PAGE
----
3. Discuss how their resourcing model works to support this and what it means in terms of timelines and costs by all means but please, please, please don’t just chop out resource simply to cut costs.  You WILL regret it.  UX focus should have equal billing along with architecture, security, support, testing, etc.  (Yeah, we’ve all experienced projects were testing is slashed, security is ignored, support is non-existant all to save money – that’s a whole other blog post in and of itself…)
  4. Please stop measuring the value of a project with a massive weighting on its overall cost – success must and should be measured based on cost and benefit together, and I guarantee up-front and continued focus on UX aspects will improve the project no end.  It might actually reduce the timeline, the resources needed and the on-going support required – oh wow look, a cost saving driven by a benefit.  Woot.
  5. If you can’t see how a quality UX approach could be a benefit, engage with someone who can help you understand this and ensure it is built into your success criteria for any future projects.

If you’re a consultant/consultancy:

  1. Think about how you could embed a designer and/or UX consultant into your project methodology.
  2. Educate your entire team about what UX is and what it really means.
  3. Build a watertight resource and cost model that allows your non-directly billable resource to contribute indirectly to the success of your projects, whilst retaining a viable model to keep your customers happy and still pay all of your bills and wages.  Profit and success will quickly follow.
  4. Provide an environment where your designers and developers can co-habit and contribute together, that fosters an atmosphere of teamwork and sharing ideas.  Get your customers into that environment too.
  5. Please see point 5 above 🙂

UX & design applies to every aspect of any solution you are building and has different meanings and requirements to all stakeholders.  Get it right and everyone is a winner.

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      Author's profile photo Simon Kemp
      Simon Kemp

      Excellent Gareth, I think you've hit the nail on the head here.

      There is heaps of value to be had from investing in good UX, lower support costs, lower training costs, improved data quality, increased productivity and all leading to happier staff, happier customers and ultimately (at least from the bean counters perspective) a more healthy bottom line and increased profits.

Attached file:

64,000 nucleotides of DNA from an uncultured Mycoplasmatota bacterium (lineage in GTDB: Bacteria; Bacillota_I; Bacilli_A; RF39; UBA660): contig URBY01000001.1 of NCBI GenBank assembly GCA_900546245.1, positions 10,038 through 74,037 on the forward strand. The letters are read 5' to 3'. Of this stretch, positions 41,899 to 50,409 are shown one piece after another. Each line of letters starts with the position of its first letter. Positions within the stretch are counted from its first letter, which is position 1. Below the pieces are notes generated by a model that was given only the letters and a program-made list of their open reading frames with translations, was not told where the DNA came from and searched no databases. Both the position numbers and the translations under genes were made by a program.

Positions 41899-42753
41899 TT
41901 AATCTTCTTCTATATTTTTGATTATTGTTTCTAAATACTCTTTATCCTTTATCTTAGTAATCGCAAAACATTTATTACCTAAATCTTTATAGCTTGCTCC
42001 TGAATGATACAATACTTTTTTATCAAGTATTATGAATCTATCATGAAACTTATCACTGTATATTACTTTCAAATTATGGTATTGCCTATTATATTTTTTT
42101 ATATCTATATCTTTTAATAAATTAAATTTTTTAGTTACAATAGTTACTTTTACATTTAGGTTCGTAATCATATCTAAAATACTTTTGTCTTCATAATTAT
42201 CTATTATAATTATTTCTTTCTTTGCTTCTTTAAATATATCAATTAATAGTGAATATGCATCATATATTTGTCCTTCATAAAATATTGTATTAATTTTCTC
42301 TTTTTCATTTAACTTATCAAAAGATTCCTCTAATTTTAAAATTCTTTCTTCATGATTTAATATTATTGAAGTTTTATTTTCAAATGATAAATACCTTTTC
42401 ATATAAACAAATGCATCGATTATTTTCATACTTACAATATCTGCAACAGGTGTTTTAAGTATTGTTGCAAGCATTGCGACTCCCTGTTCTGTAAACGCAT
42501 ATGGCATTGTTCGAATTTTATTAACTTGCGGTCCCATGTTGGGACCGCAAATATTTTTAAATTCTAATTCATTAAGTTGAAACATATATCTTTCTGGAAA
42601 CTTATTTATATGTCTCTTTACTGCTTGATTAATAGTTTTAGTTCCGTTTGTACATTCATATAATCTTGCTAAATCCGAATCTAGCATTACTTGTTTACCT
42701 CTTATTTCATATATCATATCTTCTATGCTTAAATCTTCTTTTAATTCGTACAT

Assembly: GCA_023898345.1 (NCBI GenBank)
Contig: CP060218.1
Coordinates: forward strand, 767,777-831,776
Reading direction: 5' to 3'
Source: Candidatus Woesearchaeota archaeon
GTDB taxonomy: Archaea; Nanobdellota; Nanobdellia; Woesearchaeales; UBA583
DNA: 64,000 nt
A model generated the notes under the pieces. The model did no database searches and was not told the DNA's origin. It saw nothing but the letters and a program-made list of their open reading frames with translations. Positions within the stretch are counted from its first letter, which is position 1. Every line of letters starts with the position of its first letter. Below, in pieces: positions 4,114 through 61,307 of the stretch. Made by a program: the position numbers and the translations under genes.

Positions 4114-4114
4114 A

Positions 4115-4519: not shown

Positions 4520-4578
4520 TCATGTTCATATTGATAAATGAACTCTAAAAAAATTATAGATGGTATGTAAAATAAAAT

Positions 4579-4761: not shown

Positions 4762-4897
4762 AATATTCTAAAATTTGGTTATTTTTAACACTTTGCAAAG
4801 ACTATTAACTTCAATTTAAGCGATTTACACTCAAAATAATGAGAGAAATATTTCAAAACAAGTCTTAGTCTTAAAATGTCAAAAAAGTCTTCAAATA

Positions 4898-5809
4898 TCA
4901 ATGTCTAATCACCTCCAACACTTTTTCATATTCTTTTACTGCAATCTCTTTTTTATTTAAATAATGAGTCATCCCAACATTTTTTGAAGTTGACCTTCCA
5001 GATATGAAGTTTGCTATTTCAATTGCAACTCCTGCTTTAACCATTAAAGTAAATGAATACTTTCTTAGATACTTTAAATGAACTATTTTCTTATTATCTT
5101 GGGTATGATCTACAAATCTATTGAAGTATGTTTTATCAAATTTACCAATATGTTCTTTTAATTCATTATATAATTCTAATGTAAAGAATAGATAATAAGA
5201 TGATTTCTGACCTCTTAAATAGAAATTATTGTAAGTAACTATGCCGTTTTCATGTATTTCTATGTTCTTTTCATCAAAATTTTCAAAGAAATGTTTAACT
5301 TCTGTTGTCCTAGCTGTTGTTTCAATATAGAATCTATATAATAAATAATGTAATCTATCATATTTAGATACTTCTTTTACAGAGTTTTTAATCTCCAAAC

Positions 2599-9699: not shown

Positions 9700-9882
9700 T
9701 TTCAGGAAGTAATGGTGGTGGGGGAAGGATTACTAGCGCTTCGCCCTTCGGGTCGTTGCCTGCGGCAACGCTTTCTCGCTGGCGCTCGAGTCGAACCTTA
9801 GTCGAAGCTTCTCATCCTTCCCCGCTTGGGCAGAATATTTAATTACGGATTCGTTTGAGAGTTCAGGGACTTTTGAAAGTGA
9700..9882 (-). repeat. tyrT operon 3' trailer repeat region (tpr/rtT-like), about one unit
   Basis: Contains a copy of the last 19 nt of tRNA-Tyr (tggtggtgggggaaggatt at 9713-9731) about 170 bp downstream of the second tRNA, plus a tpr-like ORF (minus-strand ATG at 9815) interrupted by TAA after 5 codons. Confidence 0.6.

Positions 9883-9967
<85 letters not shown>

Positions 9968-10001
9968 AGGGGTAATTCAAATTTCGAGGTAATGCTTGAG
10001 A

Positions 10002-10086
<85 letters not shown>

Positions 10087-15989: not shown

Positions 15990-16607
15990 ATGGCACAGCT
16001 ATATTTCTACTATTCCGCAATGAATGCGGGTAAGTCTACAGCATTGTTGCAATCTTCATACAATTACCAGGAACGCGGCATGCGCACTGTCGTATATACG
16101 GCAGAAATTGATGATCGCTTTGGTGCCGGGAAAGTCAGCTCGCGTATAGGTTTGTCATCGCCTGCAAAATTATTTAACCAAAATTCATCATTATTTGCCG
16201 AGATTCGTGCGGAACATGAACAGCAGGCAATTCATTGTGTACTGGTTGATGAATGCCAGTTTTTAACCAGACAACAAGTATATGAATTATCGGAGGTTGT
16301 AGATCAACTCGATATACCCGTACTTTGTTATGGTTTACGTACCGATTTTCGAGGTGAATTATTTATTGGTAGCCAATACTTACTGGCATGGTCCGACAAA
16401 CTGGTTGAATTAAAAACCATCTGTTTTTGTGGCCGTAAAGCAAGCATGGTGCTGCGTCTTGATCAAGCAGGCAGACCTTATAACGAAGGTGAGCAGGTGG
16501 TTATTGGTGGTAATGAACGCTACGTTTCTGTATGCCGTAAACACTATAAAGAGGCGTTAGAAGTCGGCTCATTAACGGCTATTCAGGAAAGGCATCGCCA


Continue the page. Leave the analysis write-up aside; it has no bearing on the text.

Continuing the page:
Step 1: Sell the value of good UX and demonstrate the risk of ignoring it

      Step 2: Get on with it and deliver it !



      Author's profile photo Former Member
      Former Member
      Blog Post Author

      Thanks Simon.

      I feel a lot of it is stating the obvious and yet we still don't see any sensible ratio of designer to developer in companies.  I didn't make last night's Mentor call however some of the stat's coming out of SAP and collected from customer's suggest the problem is as widespread as we all fear.

      I feel I can be a bit more preachy about it now too, as my current employer hired a UX Consultant not long before me and hence we have the dedicated resource in our office.  I've only been engaged with him for a few weeks now and already I'm feeling and seeing the benefit across our internal and external endeavours.  I find myself wondering "why haven't we done this before?" with even more conviction now!



      Author's profile photo Jocelyn Dart
      Jocelyn Dart

      Thanks Gareth... I feel your frustration and I agree.

      What's been resonating with me for a while now is the idea of Puzzles (solve for/solve by myself) vs Mysteries (solve with/no one person has the answer) mindsets.

      Too often UX is treated like a jigsaw...  hand over the pieces (your requirements) and I'll do it for you. Clearly there is only one right answer - tell me what answer you want and I'll build it. If we get it wrong.. shame on you for not providing all the puzzle pieces (your requirements list).  And that's the mindset that thinks all we need is a developer... we will be told the design or we will pick the design from our off-the-shelf set of "best practices". Because that's worked so well before... not.